Super Bowl XLIX Preview

Five Quick Hits

* We all know the importance of a good quarterback, but how about a great cornerback? We'll get a Super Bowl matchup of Richard Sherman and Darrelle Revis, the best CBs of 2014, and the best of this generation.

* Jermaine Kearse, who caught the game-winning touchdown for Seattle, was also targeted on all four of Russell Wilson's interceptions.

* Speaking of Wilson's interceptions, the first two were both made by Ha-Ha Clinton-Dix, both returned over 25 yards, and both returns partially neutralized by 15-yard penalties on Green Bay.

* Congratulations to this year's finalists for the Walter Payton Man of the Year Award: Anquan Boldin, Thomas Davis, and Aaron Rodgers. This is the second year in a row Davis has been a Finalist. Charles Tillman won last season.

* I'm sure it was an accident, but Terry Bradshaw dissed Walter Jones and Cortez Kennedy when he called Steve Largent the Seahawks' only Hall of Famer.

Championship Roundups

Seattle Seahawks 28, Green Bay Packers 22 (OT)

The opposite of the late game, with a riveting fourth quarter that was probably the highlight of the postseason. If you're any kind of football fan (other than a Packer Backer), you've got to love that frantic finish. After the teams combined for 23 points in the first three quarters, they scored another 27 in the fourth quarter and overtime. Troy Aikman called it "as improbable of a win as I've ever witnessed."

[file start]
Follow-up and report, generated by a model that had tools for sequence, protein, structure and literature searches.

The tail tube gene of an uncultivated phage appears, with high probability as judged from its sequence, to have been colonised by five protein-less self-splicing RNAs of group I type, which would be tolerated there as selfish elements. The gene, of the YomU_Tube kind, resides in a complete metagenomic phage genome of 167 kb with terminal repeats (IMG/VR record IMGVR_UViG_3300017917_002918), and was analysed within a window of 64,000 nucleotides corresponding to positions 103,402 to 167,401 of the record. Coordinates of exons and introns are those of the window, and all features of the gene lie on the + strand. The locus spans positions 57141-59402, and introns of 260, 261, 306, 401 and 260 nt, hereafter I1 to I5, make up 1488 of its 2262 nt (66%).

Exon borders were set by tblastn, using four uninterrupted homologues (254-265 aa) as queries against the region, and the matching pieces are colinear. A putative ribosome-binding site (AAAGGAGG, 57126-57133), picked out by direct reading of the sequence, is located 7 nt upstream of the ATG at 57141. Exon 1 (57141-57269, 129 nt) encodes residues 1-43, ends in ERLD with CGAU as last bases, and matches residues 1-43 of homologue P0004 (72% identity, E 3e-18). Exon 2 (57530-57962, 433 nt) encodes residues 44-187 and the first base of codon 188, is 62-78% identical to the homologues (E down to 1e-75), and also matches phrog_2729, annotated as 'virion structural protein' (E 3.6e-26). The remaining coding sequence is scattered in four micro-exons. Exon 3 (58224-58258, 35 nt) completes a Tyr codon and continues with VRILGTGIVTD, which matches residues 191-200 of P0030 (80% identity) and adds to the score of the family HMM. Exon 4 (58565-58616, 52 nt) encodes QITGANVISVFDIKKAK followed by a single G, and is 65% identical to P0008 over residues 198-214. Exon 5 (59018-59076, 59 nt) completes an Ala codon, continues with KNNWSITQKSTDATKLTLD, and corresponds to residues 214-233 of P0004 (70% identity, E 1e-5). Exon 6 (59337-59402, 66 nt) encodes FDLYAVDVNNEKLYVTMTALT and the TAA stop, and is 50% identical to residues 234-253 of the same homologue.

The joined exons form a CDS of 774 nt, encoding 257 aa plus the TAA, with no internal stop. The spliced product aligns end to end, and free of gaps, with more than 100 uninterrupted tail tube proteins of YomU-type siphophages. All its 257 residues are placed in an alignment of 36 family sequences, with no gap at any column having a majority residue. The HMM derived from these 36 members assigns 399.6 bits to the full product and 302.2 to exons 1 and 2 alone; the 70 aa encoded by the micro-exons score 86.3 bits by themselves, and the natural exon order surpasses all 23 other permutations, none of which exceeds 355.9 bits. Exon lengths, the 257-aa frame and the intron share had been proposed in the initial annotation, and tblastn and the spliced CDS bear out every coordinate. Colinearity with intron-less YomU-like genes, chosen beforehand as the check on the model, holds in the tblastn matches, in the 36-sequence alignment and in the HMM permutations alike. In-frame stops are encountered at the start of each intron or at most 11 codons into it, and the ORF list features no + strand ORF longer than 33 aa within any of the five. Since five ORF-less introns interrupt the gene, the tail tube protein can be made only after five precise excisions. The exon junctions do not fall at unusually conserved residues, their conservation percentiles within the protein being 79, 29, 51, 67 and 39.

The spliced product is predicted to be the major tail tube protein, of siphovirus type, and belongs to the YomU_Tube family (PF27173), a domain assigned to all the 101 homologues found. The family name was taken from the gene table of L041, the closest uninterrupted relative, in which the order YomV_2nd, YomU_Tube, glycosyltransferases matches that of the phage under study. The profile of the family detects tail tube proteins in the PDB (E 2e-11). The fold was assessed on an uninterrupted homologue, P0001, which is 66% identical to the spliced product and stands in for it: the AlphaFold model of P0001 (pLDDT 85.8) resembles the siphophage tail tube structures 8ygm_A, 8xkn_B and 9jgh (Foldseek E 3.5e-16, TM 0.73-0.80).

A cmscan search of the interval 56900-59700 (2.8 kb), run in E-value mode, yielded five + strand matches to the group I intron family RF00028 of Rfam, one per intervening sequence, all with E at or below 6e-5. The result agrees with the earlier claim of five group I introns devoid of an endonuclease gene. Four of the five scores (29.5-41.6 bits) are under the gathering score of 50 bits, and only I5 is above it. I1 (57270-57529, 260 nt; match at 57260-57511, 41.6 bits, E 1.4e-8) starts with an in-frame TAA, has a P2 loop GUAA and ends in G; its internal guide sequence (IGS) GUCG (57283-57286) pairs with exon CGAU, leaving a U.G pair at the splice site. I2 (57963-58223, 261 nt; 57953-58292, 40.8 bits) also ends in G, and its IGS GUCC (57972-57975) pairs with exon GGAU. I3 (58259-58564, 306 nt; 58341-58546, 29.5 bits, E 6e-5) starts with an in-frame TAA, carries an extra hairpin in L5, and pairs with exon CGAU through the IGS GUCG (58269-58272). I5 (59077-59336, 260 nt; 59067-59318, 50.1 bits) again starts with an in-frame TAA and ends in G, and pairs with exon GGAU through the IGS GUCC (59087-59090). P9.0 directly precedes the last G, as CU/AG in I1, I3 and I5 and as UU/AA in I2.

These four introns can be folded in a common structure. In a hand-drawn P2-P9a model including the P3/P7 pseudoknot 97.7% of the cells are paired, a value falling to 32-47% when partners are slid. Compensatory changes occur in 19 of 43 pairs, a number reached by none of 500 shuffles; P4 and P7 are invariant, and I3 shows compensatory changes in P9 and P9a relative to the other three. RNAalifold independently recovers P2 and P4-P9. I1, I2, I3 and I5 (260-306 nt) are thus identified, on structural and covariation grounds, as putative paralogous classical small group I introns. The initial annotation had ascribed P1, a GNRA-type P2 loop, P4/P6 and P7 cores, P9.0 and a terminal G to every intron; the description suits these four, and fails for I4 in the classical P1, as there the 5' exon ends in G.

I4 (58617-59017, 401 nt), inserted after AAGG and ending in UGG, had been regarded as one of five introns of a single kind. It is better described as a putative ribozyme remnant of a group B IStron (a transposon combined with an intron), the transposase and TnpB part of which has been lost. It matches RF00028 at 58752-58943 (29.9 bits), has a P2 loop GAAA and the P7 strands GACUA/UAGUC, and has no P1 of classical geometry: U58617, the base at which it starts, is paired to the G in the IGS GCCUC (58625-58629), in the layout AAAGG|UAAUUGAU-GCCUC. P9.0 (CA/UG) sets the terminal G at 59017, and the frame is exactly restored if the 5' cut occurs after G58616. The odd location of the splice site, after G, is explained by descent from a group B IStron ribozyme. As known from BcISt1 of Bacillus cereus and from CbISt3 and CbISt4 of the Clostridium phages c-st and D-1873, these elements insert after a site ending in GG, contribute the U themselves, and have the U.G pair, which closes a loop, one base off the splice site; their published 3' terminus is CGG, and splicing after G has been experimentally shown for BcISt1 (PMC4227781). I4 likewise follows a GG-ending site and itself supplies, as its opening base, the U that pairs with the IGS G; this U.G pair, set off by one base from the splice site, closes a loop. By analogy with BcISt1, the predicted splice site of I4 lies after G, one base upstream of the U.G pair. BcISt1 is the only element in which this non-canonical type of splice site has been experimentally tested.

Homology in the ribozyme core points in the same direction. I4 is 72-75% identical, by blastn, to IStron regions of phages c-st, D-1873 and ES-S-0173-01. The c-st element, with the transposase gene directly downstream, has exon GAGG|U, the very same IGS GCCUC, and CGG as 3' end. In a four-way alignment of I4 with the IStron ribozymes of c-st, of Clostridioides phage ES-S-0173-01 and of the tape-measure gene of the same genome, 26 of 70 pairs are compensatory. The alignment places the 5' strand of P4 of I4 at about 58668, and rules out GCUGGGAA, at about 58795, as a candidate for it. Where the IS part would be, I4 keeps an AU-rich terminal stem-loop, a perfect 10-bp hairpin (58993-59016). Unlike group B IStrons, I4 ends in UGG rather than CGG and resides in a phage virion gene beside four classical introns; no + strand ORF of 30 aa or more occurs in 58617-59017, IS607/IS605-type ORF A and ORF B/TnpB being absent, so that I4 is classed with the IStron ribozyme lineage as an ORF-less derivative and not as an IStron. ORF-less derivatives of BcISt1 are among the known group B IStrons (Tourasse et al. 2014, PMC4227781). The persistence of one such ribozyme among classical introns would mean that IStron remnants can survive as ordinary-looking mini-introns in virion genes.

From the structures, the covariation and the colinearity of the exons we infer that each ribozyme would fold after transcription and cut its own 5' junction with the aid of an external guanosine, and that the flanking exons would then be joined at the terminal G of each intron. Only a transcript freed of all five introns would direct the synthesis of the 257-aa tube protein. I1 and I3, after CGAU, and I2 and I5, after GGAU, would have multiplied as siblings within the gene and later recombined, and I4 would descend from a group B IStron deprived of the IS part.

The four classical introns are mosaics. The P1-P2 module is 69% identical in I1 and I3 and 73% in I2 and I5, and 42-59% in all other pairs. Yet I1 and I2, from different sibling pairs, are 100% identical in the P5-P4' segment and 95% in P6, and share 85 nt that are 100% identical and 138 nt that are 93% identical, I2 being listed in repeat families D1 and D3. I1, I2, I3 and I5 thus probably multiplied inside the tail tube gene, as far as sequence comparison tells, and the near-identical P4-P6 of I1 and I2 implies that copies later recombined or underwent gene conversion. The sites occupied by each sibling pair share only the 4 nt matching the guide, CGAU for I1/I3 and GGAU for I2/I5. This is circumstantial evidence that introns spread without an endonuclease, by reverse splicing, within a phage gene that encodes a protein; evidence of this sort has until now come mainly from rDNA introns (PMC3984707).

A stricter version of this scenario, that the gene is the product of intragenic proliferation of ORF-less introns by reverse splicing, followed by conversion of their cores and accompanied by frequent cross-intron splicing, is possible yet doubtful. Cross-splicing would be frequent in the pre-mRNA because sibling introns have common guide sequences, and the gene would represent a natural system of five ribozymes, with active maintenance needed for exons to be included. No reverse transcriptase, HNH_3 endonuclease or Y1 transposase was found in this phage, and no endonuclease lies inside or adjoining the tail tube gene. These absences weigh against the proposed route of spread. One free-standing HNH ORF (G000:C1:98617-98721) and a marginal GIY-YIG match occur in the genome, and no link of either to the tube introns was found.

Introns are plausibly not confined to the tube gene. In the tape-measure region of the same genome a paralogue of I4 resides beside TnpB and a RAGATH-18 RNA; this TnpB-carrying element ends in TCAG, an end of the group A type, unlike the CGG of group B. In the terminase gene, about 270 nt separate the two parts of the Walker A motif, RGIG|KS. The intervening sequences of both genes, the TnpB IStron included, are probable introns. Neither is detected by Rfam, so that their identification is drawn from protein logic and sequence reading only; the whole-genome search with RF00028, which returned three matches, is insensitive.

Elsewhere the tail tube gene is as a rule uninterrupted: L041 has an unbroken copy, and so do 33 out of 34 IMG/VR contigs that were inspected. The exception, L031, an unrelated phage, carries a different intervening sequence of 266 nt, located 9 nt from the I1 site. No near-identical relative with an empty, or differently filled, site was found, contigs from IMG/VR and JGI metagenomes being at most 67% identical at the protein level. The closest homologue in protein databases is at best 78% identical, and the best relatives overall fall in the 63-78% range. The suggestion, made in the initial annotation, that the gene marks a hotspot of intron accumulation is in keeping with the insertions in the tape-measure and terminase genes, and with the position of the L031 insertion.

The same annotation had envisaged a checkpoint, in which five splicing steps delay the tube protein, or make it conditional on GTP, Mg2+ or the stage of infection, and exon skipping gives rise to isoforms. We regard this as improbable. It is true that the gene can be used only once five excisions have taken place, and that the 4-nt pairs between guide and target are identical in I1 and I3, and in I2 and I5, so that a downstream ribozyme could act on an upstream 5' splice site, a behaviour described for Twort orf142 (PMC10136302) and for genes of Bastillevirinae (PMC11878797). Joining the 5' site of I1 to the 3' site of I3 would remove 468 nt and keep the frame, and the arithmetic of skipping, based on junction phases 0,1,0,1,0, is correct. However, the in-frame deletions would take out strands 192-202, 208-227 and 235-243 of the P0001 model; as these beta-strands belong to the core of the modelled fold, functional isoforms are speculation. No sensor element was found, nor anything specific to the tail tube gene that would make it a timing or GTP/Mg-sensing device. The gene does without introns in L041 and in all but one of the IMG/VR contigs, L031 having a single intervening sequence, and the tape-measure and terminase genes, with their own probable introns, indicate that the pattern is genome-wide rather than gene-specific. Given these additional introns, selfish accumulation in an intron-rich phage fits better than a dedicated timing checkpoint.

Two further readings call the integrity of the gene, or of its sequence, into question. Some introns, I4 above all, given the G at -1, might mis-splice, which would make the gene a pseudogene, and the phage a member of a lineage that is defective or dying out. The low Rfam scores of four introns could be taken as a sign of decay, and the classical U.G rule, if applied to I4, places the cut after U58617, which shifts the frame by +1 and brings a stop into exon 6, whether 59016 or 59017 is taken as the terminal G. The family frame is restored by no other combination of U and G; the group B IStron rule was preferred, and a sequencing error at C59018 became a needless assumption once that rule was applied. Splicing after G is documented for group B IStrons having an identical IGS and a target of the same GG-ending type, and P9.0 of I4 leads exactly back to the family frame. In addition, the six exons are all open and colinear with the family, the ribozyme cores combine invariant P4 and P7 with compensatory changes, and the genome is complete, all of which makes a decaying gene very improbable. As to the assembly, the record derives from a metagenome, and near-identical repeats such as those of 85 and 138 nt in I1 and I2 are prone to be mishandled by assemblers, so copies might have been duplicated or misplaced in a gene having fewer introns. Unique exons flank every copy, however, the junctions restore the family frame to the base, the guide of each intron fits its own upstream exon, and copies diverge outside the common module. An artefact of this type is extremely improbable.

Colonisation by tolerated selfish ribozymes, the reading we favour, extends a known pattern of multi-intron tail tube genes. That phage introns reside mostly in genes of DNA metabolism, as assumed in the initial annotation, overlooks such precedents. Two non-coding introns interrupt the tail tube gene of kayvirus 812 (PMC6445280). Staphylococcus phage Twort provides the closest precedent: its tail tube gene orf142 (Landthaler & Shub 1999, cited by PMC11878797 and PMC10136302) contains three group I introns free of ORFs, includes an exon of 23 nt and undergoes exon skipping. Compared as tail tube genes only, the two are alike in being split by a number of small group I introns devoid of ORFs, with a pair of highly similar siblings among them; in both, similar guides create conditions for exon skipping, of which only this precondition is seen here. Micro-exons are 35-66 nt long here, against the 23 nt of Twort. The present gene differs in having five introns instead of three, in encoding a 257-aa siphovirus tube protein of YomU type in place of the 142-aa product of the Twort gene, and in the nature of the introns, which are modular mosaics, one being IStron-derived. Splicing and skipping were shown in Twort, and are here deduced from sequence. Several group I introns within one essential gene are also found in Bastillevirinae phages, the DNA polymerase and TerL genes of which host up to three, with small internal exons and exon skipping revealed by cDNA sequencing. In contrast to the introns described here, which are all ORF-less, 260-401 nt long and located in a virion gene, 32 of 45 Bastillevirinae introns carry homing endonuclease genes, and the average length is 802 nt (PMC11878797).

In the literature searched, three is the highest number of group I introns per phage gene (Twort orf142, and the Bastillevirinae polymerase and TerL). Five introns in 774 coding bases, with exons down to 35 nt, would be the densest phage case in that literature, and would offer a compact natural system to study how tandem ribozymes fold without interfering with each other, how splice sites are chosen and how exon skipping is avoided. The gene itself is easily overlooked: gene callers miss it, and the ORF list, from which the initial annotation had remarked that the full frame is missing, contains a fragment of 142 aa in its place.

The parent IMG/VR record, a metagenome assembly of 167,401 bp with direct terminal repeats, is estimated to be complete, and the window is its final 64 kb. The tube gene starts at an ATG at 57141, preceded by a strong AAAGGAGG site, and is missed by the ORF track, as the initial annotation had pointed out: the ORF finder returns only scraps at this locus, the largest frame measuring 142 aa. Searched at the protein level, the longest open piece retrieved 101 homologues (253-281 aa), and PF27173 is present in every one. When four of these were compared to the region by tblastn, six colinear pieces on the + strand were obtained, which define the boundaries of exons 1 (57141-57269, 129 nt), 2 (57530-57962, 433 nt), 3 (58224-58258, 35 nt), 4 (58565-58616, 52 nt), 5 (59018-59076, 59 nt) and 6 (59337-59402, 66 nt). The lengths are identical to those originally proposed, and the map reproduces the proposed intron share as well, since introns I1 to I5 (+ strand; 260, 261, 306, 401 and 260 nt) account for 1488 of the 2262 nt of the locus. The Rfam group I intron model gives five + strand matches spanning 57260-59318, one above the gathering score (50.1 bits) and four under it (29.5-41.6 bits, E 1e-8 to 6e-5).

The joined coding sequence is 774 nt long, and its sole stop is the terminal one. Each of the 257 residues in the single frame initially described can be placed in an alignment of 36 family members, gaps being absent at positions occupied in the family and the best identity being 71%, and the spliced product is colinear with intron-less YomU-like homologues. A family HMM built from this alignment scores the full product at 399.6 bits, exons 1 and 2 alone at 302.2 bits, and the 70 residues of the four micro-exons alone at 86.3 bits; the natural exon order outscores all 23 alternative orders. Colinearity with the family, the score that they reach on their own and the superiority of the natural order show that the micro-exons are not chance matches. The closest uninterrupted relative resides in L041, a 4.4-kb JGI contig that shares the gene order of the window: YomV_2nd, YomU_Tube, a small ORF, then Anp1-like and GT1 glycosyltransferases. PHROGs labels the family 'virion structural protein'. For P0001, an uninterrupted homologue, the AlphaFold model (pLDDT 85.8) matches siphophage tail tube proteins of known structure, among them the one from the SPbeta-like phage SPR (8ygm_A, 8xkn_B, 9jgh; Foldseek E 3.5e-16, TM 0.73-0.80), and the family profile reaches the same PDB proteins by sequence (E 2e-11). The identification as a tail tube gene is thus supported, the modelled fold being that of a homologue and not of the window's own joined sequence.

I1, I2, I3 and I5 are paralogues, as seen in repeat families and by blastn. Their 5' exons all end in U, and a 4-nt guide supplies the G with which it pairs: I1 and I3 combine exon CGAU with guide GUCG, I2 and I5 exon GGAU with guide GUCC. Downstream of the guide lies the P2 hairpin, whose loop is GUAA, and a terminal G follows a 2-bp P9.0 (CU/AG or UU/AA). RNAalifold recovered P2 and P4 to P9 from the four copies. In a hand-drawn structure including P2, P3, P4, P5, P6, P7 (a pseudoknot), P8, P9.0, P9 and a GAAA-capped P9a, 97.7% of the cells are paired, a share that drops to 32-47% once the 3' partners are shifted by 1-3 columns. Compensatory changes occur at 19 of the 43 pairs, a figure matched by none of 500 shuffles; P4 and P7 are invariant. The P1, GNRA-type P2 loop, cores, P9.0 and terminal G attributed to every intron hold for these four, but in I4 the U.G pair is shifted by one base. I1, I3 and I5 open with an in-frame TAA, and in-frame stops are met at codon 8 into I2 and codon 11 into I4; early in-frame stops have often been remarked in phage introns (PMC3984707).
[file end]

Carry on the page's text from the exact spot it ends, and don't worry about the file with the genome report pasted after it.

There are 100 things that could have gone differently and Green Bay would have won, but the narrative has to be the Packers' failure to capitalize on opportunities, and in particular the conservative coaching of Mike McCarthy. The Packers finished this game with five field goals and one touchdown. The Packers were substantial underdogs, on the road against the best team in the NFL. From that context, you've simply got to take chances, and McCarthy did the opposite. Michael Strahan chided the strategy on the postgame show: "You always play to win, don't play not to lose." McCarthy played not to lose, with predictable results.